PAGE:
Tuesday, August 5, 2014

There Is No I in Ecosystem, But There Is A Bit Of Me

By: Sophie Wasserman

After over a year with Think Elephants International (TEI), I have finally learned to “think elephants.” Of them, about them, for them, like them. I think elephants in the office, in the field, and sometimes even in my dreams. I think elephants are stubborn, sassy and temperamental. I think elephants are brilliant, charming, and playful. I think elephants have excellent aim when throwing grass at your head, I think elephants base their estimation of your character almost entirely on your ability to provide them with food, and I think elephants deserve a chance to continue their existence on this planet.
The ability to “think elephants” is a skill we’re trying to teach to future generations. One of my favorite lessons in the TEI education curriculum uses a ball of red string and a little imagination to teach children that everything in an ecosystem is connected. Called the Web of Life game, it illustrates the concept that an ecosystem is made up of inter-related food chains, as well as the idea that elephants are a key stone species; if you remove elephants from the equation, the whole complex network falls apart. Often it’s a turning point in the classroom, a tangible demonstration of just how co-dependent organisms can be and a breakthrough in terms of a students understanding of the role they play in their own environment. It’s inadequate to study an ecosystem without realizing that you make up an integral part of it.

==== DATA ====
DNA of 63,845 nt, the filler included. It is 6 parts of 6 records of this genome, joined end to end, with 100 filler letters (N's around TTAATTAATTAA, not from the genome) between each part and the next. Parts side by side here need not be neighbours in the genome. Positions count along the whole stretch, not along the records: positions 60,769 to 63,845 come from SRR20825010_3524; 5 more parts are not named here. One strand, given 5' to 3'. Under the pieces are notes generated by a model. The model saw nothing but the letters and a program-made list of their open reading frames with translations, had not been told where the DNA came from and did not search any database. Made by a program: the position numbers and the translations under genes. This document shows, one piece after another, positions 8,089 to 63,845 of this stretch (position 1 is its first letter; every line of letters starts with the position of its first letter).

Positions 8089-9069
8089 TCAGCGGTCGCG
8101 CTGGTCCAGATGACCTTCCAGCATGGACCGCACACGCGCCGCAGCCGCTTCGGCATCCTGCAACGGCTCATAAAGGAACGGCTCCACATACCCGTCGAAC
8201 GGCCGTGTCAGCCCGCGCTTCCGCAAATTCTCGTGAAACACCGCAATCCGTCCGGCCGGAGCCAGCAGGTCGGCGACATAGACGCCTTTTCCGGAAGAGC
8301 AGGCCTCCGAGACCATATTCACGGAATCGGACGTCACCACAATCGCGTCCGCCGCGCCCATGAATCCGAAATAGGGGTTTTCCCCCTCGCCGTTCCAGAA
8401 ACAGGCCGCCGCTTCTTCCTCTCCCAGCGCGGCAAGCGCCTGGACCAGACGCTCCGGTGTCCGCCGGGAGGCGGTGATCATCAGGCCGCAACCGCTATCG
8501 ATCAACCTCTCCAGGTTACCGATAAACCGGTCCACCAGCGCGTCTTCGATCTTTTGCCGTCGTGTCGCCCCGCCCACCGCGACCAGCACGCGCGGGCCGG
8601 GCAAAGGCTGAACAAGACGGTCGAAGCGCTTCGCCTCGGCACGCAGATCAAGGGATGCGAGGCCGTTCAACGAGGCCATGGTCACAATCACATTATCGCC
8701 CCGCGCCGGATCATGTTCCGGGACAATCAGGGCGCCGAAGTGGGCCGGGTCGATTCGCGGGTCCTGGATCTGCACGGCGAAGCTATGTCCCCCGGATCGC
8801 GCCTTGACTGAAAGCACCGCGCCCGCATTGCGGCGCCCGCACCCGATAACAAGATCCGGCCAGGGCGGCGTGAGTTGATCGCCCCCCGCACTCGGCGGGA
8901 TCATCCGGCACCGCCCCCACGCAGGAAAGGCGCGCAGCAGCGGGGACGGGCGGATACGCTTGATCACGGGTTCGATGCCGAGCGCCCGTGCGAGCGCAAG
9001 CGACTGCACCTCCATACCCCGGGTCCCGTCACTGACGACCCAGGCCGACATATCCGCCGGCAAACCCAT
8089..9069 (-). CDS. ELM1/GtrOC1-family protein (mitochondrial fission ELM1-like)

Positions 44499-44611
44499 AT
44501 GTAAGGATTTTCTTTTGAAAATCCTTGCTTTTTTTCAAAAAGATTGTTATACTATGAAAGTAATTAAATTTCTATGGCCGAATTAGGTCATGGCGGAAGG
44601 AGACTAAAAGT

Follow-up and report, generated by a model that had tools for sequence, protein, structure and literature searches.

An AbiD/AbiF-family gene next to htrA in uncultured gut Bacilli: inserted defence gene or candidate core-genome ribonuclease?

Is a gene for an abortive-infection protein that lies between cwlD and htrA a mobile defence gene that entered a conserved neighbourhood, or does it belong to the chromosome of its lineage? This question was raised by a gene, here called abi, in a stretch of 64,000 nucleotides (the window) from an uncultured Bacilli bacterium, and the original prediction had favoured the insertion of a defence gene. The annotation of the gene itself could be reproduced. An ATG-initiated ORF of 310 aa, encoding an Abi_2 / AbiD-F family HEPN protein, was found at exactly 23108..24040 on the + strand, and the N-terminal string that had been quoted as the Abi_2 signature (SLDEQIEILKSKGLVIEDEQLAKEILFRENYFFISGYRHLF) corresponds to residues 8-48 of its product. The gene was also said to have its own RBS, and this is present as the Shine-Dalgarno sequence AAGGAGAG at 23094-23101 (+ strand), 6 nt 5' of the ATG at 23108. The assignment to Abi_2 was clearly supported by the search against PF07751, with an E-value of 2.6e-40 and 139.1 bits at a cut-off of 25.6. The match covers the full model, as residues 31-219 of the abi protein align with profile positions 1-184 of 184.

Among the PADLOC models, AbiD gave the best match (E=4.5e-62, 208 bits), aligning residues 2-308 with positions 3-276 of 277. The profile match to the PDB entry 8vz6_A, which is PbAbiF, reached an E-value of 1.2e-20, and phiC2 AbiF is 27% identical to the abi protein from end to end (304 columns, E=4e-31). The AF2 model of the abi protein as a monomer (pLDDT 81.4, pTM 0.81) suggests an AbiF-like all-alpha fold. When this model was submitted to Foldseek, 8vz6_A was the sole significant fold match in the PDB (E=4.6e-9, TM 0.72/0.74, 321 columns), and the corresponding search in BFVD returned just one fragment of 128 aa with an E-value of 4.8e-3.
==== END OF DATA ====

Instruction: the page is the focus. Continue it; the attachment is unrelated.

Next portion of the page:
To me, the most important part of conservation education is not students learning facts or figures, but children coming to understand that their actions have consequences. In the same way that poor choices can slowly erode our environment, preemptive actions can save it. This year with TEI made me realize that the true value of our curriculum lies in the problem solving it inspires, the discussions it sparks, and the fundamental shift in assumptions from what’s happening to the environment to what’s happening in my environment. We are actors, not passive observers, in not only our ecosystem but our classrooms and communities as well, and the sooner we can get children to realize their own agency and ability to affect positive change, the better off our planet will be.
I have frequently joked to friends, family, and Earthwatchers that it’s “all downhill” from here: no job could ever live up to the unbelievable experience of the past year with Think Elephants. I worked with an incredible team, with an intelligent species, and in indescribably beautiful country. In truth, however, I leave TEI facing a long road uphill, inspired by my work here to continue fighting for the conservation of endangered species everywhere.
Finally, thank you to all of TEI’s friends and fans for the enthusiastic, unwavering support; we could not have come so far without you. Get ready for another fantastic year with new team members Sarah, Hunter, and Dan!